So, I run the DesignCourse youtube chan which recently just passed the 500k subscriber mark. I teach UI/UX and Frontend Development. I've uploaded well over 700 videos over the last 10 years, and I thought I would create an article here to discuss some of my ideas on this topic.
I'd say it's right for anyone, as long as they're willing to be as consistent as they have to be, and as long as they have something to offer.
I'm big on people understanding economic fundamentals -- Supply and demand. There's a demand for a lot of things. In just about every niche, there's a demand for education & enlightenment, comedy, drama, etc. With that said, if there's a demand for something, you'll reap the rewards if you can be the supply.
For instance, there's a big demand for education in the fields I teach -- so, I stick to education. Some other YouTubers in this niche are successful by mixing education & comedy. Other people even get their hands into the drama a bit, yet they're still successful, because people find that stuff interesting.
That's the first thing to understand. If you feel you have something to offer, you have half of the battle solved.
The other half of the equation is consistency.
This is the part that pretty much deflates most people. I tell anyone, regardless of niche, that if they're serious about YouTube, they should produce at least 1 video per week and have no expectations for 1-2 years.
You might get lucky and knock it out of the park and end up with 100,000 subscribers your first year. But you might also end up with less than 1,000 subscribers after 52 videos. In the end, you can't be discouraged if you had no expectations in the first place.
Building a YouTube audience takes time. Unless you're one of the exceptions (I wasn't) and creates extremely engaging content, it's going to take years of effort.
As you can see, for years the channel was slow-going. On January 1st, 2014, I set out to create a video every day. I did so for 100 days straight. As you can see, it provided an initial bump right at the end of 2013, but it really leveled out for years.
I kept consistent though. And in 2017, things really started to take off. That's the takeaway -- you have to be willing to be consistent or you will definitely sell yourself short.
Oh, God, if the previous section didn't discourage you, this part probably will.
In 2014 alone, where I uploaded 100 videos in 100 days, and loads more at a rate of about 1 to 2 per week -- I made a total of $3,087.74. This averaged out to about $12 per day. Each video took several hours to make. I was making way less than minimum wage for the work I put in.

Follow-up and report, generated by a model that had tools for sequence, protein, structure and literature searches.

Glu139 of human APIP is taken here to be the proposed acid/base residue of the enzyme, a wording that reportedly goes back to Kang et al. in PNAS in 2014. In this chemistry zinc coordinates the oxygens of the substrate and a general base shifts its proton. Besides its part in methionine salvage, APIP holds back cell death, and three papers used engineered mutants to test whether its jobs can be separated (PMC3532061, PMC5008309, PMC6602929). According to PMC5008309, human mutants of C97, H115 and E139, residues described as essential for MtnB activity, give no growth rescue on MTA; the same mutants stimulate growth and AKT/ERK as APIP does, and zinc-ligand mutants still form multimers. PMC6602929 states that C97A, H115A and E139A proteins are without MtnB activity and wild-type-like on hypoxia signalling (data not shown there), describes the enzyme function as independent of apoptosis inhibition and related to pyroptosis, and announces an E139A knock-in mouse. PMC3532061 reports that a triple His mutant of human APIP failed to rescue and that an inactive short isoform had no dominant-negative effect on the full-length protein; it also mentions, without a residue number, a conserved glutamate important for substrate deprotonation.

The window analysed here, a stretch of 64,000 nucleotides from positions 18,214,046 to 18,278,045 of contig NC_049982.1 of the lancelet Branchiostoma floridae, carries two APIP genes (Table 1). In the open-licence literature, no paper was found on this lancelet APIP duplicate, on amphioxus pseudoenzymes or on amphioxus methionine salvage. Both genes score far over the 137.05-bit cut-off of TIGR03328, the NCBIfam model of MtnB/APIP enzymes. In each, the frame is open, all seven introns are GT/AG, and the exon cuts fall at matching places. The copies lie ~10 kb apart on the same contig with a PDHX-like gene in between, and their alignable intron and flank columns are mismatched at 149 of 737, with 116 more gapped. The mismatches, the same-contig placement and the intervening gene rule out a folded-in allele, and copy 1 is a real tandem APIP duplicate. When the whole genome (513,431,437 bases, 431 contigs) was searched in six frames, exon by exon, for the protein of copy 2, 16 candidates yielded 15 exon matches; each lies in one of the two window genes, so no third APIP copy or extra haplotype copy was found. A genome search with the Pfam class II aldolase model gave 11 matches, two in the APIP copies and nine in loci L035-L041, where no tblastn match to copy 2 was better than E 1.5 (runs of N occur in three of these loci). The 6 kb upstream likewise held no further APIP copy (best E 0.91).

Fortunately, I didn't at all rely on this income. At that time, I was creating UI/UX and Frontend development courses for companies like the Envato network TutsPlus, Pluralsight, etc..
Here's a year to year breakdown of the ad revenue:
2019: $52,100 (Over 100k+ with sponsorship deals)
Did I do anything special or different between 2017 and 2018? No -- Nothing that comes to mind. While I've always tried to improve how I teach, my production value, etc.. the formula has always remained the same.
The takeaway here is that again, don't have expectations initially, especially monetarily. The light at the end of the tunnel == if you keep consistent, keep striving for improving your videos in all aspects, some day you're going to explode and begin to make a real living.
When my channel started to finally take off near the end of 2017, I was approached by a Sponsor. I charged them $800 for a video where I discussed their product/service. I told them I would give them my honest opinion -- and I did. Since then, I've never taken a sponsorship with a company that I didn't personally believe in. I knew my subscribers would eat me alive, and I would feel horrible for promoting a product I didn't feel was worth it.
In 2020 and beyond, influencer marketing is going to grow. In contrast to traditional mediums like TV advertising, it allows companies to gain exposure to a highly targeted audience for a relative fraction of the cost.
Once I really began to grow in the last couple years, these companies contacted me. I didn't have to search them out.
But if I were starting a new YouTube channel that didn't satisfy the requirements YouTube put in place for monetization -- I would contact companies in my niche and request sponsorships so that I could at least make something. I wouldn't do this until I had at least several months of videos, though.
In the end, what matters the most are views. Views from real people. Engagement too (likes, dislikes, comments, click through rates, etc..).
Too many people get hooked up on subscriber count, like it's the most important metric. It's not. There are channels with over a million subscribers who make far less than me. Your subscriber count is really just vanity; social proof. That's why I laugh when I see people buying subscribers, or trading subscriptions to each other's YouTube channels. It's a waste of time.